In relation to procedures that effectively lead to the signing of research and development (R&D) contracts, the procurement of R&D services stands out.
In accordance with Article 5, no. 4, paragraph j) of the PPC, these contracts are excluded from the scope of application of the PPC (Part II), except if they are covered by CPV codes 73000000-2 to 73120000-9, 73300000-5, 73420000-2 and 73430000-5, and provided that the following two conditions are cumulatively met: (i) the benefits accrue exclusively to the contracting authority for its use in the conduct of its own affairs; and (ii) the service provided is wholly remunerated by the contracting authority (conditions for non-application). Thus, if these two conditions are cumulatively met, the procurement of R&D service contracts with the codes listed above are excluded from the application of the PPC. However, if one of the above conditions is not met, the PPC is still compulsorily applicable. In that case, the direct award procedure may be applied. It should be noted that Directive 2014/24/EU treats this matter in its Article 14, which states that the Directive shall only apply to public service contracts for the acquisition of R&D
services covered by CPV codes 73000000-2 to 73120000-9, 73300000-5, 73420000-2 and 73430000-5 when the following two conditions are met: “(a) the benefits accrue exclusively to the contracting authority for its use in the conduct of its own affairs; and (b) the service provided is wholly remunerated by the contracting authority” (conditions for application).
The transposition of this provision into the Portuguese legal system has not been without criticism. As pointed out by Pedro Costa Gonçalves (Pedro Costa Gonçalves, Direito dos Contratos Públicos, 2nd ed, Vol. 1, (Almedina 2018) 285-287[ 1] [JCC2] ), the criterion followed by the legislature in the PPC “is quite different and more demanding than the one that would have been reached if the Directive had been correctly transposed, establishing the same two conditions of the PPC, but with diametrically opposed formulations”. Thus, while the Directive assumes that the public procurement rules do not apply to such contracts, applying only when the two conditions listed above are cumulatively met (as set out in its Article 14), the PPC assumes that the public procurement rules do apply to R&D service contracts unless the same two conditions for application are met (as set out in its Article 5).
Regarding pre-commercial procurement contracts, Pedro Costa Gonçalves (Pedro Costa Gonçalves, “Smart Cities e Contratação Pública” (2021), European Review of Digital Administration & Law, Vol.2, 133) explains that the objective of the contracting authority is not to purchase the product, service or work, but only to contract R&D activities, such as the study and design of solutions, the creation of prototypes and, possibly, the original development of a limited quantity of first products or services in the form of an experimental series.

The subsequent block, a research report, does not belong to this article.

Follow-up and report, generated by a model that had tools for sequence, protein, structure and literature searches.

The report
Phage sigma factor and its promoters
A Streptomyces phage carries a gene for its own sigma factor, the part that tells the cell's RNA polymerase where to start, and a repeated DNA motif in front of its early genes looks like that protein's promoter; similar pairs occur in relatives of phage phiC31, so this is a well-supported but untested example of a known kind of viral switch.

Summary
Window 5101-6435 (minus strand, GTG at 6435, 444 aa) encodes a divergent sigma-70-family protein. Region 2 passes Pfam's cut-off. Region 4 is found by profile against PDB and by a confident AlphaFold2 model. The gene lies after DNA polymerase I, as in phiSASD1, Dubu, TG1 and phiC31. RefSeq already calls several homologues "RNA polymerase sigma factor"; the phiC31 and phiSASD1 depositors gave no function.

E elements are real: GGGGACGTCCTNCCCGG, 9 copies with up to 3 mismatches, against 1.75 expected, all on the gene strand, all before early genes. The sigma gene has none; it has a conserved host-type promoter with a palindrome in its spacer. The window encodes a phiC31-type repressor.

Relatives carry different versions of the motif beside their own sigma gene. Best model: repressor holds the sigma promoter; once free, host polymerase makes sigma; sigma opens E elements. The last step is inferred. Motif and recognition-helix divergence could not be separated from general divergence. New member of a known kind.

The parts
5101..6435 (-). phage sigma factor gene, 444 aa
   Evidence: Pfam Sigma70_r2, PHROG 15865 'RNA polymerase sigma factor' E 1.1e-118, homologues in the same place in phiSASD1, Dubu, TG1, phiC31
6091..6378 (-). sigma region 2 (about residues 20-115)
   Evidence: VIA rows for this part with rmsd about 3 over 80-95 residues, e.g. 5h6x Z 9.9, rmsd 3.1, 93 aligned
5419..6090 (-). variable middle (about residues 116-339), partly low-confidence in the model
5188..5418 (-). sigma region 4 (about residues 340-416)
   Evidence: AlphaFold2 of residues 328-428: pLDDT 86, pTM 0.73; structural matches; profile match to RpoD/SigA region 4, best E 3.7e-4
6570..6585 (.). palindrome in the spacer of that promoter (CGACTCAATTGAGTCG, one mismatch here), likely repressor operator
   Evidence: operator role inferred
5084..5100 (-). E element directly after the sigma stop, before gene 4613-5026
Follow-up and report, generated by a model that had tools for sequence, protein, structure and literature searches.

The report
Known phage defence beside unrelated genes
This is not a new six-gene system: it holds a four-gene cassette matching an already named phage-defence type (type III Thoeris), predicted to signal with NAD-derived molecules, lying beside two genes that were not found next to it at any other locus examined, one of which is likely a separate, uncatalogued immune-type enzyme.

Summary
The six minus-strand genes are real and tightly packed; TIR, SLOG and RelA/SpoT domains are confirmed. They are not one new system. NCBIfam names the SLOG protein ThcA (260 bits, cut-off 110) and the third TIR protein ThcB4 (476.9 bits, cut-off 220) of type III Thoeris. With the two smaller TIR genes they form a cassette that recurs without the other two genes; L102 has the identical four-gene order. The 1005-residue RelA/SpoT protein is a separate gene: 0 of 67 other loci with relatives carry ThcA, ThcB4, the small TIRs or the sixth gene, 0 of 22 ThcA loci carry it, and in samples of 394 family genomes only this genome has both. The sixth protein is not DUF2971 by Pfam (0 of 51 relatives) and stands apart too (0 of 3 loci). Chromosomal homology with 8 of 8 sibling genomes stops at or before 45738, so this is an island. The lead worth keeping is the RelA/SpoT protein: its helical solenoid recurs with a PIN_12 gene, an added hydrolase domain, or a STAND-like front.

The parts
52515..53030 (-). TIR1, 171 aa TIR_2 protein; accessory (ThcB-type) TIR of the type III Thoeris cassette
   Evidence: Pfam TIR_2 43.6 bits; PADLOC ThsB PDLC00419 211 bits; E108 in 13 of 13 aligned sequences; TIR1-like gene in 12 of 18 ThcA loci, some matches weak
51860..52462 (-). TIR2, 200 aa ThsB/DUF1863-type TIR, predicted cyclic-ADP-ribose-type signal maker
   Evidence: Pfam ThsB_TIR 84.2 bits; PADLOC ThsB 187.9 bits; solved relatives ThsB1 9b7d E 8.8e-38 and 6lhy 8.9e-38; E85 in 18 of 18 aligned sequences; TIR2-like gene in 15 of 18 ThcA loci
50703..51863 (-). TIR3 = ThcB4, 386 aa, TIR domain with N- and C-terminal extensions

Finally, we highlight the following procedures: competitive dialogue and the abovementioned innovation partnerships.
Competitive dialogue,regulated under Article 204 et seq. of the PPC (Chapter V), is governed, with the necessary modifications, by the provisions regulating the limited tender by prior qualification, in everything that is not especially provided for in that chapter. The adoption of this procedure is intended to allow the contracting authority to discuss, with those potentially interested in the performance of the contract to be executed, any details requiring definition (see Article 213 of the PPC).
Innovation partnerships, a procedure provided for in Article 30-A of the PPC, enable research and development activities to be carried out with respect to innovative goods, services or works, regardless of their nature and fields of activity, with a view to their subsequent acquisition.
This complex procedure is characterised by the fact that it depends on the fulfilment of certain material requirements: in particular, it requires that the contracting authority obtain goods, services or works that are not already available on the market, and which must therefore be developed under innovative terms, in order to be subsequently produced and acquired, if appropriate, by the contracting authority (cf. Article 218-A et seq. of the PPC).
As we have already seen, this procedure is also regulated in Directive 2014/24/EU.
The public procurement of innovation is a valuable tool available to public authorities to address societal challenges in different sectors, especially in the framework of smart cities. Through this type of procurement, public authorities can promote innovation and the development of new technologies to improve public services and citizens’ quality of life. As long as there are human beings, the search for innovation will continue…!